Canadian osteopathic school under fire for unauthorized medical practice

Students and teachers at the Canadian College of Osteopathy (the Collège d’études ostéopathiques, or “CEO”), an osteopathic school in Montreal, face dozens of charges of illegal practice and over $370,000 in fines (1).

Osteopathy is defined as a “type of manual therapy that emphasizes massage and other physical manipulation of muscles and connective tissue, the nervous system, and joints” (2). It is drug-free and non-invasive (2). Quebec does not currently regulate osteopaths, although the province is moving towards recognizing them as health professionals (3).

The charges arose after undercover investigators with the Collège des médecins du Québec, or “the physicians’ college,” posed as patients seeking treatment at a CEO-run clinic (4). In an interview, school president Phillippe Druelle said that the school’s clinic neither gives injections nor prescribes pills and that the charges are baseless.

An undercover investigator visited the CEO clinic and, for a $45 charge, received an outpatient visit with a supervisor and her two students. The investigator claimed she had digestive problems, belly pains, knee pain, premenopausal hot flashes, and restless leg syndrome. A fifth-year student conducted a comprehensive exam (1).

After the exam, the investigator’s report said that she was told that the bone at the base of her spine “was slowed by the mesentery of the right kidney,” and her knee pain was caused by a misalignment and kidney inflammation (4).  In a follow-up appointment, the supervisor suggested that the “patient” stop using her IUD and should instead use a hormonal birth control (1).

Based upon the physicians’ college investigation, a justice of the peace authorized the filing of 33 charges against the CEO.  Six of those charges and $82,500 of the fines were specifically against the fifth-year student who conducted the exam (4). The fines levied against the school exceeded the mandated minimum fines “to protect the public and have a deterrent effect on the individuals and the community” (1).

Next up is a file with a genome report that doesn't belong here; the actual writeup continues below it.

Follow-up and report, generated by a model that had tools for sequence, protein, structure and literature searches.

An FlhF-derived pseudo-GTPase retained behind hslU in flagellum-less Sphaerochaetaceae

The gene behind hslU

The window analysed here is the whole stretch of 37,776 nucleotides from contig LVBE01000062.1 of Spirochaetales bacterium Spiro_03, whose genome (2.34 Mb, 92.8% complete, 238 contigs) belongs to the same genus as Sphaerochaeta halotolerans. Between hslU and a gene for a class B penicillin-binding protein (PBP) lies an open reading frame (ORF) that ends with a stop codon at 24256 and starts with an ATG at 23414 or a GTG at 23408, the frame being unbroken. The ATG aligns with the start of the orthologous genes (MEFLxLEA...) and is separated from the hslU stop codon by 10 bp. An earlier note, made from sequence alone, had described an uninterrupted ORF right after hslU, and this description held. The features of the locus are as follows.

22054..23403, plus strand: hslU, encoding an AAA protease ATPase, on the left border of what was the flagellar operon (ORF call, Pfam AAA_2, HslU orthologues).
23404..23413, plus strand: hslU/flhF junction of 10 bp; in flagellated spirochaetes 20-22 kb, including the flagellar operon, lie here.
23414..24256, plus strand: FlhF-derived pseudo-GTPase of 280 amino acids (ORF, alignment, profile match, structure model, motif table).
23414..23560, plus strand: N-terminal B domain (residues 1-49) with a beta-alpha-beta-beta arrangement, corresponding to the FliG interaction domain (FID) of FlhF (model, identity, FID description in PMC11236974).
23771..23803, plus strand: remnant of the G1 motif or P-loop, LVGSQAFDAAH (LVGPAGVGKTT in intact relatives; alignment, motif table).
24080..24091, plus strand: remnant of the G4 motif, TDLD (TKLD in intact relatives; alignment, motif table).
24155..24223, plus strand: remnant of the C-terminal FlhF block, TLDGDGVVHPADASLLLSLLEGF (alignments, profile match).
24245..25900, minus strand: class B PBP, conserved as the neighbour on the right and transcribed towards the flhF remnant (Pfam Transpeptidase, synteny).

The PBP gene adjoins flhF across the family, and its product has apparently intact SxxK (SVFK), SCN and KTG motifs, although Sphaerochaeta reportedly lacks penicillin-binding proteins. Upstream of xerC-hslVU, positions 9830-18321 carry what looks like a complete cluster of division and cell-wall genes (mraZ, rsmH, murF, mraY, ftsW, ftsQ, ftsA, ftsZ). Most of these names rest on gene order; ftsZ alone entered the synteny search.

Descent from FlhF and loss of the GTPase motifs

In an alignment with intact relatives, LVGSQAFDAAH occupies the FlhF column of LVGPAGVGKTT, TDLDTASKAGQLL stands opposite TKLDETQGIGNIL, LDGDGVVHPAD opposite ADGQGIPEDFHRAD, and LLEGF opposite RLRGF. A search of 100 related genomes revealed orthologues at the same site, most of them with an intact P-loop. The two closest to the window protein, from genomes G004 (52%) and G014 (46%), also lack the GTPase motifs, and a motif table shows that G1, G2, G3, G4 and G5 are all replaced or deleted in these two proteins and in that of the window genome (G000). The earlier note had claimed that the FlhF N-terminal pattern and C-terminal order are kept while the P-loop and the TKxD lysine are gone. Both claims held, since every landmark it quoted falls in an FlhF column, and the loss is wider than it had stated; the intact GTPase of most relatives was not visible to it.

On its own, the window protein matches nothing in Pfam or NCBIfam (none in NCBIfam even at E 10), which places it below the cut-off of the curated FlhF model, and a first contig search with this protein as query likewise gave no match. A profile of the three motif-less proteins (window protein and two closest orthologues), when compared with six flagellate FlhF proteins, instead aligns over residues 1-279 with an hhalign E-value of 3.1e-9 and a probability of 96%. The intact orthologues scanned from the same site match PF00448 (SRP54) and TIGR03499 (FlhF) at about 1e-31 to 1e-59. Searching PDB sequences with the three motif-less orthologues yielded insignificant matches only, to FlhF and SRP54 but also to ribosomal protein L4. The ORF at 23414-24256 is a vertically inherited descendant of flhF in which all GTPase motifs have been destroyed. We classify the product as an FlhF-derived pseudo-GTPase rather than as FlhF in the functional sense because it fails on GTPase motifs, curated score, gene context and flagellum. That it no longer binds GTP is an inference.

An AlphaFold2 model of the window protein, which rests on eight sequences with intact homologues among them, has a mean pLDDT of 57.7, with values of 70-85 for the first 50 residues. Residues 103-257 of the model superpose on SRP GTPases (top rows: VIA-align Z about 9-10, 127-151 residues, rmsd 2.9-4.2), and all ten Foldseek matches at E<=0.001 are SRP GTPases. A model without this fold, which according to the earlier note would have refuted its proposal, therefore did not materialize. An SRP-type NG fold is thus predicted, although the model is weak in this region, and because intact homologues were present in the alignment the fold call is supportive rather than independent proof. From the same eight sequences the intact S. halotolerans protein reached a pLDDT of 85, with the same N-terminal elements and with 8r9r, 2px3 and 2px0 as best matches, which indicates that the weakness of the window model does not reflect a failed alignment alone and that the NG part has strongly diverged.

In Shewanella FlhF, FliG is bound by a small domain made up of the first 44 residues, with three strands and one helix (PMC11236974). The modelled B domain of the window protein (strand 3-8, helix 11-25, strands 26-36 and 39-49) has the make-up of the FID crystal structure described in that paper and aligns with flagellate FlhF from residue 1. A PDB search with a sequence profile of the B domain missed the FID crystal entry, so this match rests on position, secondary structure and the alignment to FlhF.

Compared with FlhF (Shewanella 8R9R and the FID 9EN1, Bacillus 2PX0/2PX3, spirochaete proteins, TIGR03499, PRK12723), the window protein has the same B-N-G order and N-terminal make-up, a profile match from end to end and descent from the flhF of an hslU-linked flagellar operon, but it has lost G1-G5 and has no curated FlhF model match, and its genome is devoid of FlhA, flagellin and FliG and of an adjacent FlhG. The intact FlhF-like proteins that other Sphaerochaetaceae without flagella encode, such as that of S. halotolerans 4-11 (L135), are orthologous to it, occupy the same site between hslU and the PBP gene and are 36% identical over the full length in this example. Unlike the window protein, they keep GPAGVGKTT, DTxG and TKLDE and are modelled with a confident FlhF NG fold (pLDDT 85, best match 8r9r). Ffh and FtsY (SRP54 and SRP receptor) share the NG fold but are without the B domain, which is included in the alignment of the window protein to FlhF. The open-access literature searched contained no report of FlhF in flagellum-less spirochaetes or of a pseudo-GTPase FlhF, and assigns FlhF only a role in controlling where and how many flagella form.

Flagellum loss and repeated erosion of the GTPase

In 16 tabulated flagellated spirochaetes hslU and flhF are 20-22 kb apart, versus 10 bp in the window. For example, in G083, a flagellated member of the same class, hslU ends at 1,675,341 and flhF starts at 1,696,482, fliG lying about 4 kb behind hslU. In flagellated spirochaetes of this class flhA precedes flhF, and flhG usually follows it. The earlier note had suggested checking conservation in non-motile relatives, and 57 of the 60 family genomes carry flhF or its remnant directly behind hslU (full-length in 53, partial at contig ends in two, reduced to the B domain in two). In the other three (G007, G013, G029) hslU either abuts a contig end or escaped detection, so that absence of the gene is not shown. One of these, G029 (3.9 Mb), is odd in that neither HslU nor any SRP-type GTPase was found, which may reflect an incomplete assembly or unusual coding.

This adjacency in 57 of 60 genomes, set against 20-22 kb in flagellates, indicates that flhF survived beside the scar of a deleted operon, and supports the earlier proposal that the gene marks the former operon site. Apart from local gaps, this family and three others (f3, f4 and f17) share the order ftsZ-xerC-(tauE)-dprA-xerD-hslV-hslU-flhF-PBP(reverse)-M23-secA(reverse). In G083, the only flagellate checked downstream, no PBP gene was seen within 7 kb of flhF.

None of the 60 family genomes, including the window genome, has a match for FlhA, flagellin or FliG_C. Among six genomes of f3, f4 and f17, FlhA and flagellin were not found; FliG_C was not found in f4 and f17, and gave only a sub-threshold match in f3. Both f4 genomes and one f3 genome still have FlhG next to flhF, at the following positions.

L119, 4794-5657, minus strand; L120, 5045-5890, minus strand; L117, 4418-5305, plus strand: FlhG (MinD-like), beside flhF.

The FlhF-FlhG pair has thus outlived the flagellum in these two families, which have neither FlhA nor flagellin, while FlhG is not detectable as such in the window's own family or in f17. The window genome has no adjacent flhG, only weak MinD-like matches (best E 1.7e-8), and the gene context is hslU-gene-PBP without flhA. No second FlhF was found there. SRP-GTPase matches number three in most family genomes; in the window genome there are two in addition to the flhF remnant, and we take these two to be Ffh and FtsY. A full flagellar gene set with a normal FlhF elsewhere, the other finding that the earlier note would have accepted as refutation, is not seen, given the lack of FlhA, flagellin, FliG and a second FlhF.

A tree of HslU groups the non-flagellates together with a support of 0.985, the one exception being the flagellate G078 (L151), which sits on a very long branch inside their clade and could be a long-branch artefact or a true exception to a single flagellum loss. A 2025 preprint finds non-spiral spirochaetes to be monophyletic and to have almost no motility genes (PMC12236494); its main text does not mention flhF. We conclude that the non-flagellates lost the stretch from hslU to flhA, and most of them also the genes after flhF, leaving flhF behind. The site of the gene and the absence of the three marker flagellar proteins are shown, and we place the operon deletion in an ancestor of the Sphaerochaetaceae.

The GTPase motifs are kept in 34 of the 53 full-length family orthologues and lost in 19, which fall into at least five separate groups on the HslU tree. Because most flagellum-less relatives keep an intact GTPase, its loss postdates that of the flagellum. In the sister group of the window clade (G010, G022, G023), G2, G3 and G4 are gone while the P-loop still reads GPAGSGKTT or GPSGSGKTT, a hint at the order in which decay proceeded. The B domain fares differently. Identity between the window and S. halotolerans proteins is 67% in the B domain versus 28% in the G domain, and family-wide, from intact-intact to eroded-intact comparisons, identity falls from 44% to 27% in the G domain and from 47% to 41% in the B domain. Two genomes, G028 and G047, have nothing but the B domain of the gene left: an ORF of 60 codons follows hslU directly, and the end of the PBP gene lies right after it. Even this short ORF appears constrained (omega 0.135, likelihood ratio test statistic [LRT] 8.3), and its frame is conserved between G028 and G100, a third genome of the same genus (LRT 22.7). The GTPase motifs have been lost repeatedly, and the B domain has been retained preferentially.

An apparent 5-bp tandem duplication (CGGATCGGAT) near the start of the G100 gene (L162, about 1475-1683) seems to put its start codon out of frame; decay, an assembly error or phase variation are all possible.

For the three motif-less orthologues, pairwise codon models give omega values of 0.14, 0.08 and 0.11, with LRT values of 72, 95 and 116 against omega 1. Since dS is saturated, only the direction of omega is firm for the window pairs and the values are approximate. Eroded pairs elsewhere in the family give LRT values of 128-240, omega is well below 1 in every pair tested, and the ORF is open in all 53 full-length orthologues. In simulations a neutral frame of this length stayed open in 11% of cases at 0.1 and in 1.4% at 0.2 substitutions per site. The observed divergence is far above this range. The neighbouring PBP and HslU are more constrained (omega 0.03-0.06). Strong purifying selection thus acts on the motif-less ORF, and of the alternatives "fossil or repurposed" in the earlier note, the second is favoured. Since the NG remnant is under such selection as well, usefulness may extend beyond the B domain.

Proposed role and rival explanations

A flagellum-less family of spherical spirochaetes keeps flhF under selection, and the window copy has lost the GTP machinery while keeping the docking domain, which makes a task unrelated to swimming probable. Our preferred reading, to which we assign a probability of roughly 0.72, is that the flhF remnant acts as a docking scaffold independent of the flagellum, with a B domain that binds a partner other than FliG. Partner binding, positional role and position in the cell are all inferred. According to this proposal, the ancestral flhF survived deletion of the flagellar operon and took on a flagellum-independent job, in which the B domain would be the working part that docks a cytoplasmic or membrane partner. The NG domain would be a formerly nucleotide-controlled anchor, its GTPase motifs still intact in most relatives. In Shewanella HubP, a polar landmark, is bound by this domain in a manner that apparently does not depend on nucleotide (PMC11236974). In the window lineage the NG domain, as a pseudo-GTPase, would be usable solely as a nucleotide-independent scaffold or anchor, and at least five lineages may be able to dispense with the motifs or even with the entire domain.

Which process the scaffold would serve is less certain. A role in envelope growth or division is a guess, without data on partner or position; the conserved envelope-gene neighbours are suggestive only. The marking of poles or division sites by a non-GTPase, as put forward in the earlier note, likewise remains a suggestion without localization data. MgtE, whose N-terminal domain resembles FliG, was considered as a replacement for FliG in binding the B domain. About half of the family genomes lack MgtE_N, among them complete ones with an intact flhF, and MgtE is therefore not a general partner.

Those charges and fines, however, did little to disrupt operations at the CEO clinic.  After the charges were levied on January 4th, more investigators visited the clinic between January 16th and 23rd (1). On January 21, another female investigator visited the clinic, claiming to have a lower back problem, and was seen by a student who said that her symptoms were linked to gynecological problems (1).

Marc Gauthier, president of the osteopath professional association Osteopathié Quebec, said the “incident represents an attack that will undermine the reputation of osteopathy at a time when Quebec is moving closer to making it a fully regulated health profession” (1).  Tim Caulfield, a health law and policy researcher at the University of Alberta, said that the case raises questions about how alternative health practitioners are regulated and monitored (1). “It is becoming more and more confused,” Caulfield said. “The public has now all of these different practitioners using varying levels of evidence to make decisions about treatments and therapies. I think that perhaps the public believes that these practitioners are being monitored more than they are” (1).

Sources cited:

(1) Carly Weeks and Tu Thanh Ha, Quebec osteopaths face dozens of charges, fines after undercover investigation, The Globe and Mail (Mar 6, 2017).

(2) American Association of Colleges of Osteopathic Medicine (2017).

(3) Osteopathie Quebec, Osteopathy Quebec (2012).

(4) Undercover Investigation of Quebec Osteopaths, The Globe and Mail Ontario Edition (Mar 7, 2017).

about the author

Erin K. Jackson is Jackson LLP’s Managing Partner. She is responsible for all aspects of firm management, is a sought-after speaker for healthcare conferences, and is a published author. She is specifically focused upon the intersection of the patient experience in healthcare with the legal and ethical responsibilities of providers.

This blog is made for educational purposes and is not intended to be specific legal advice to any particular person. It does not create an attorney-client relationship between our firm and the reader. It should not be used as a substitute for competent legal advice from a licensed attorney in your jurisdiction.

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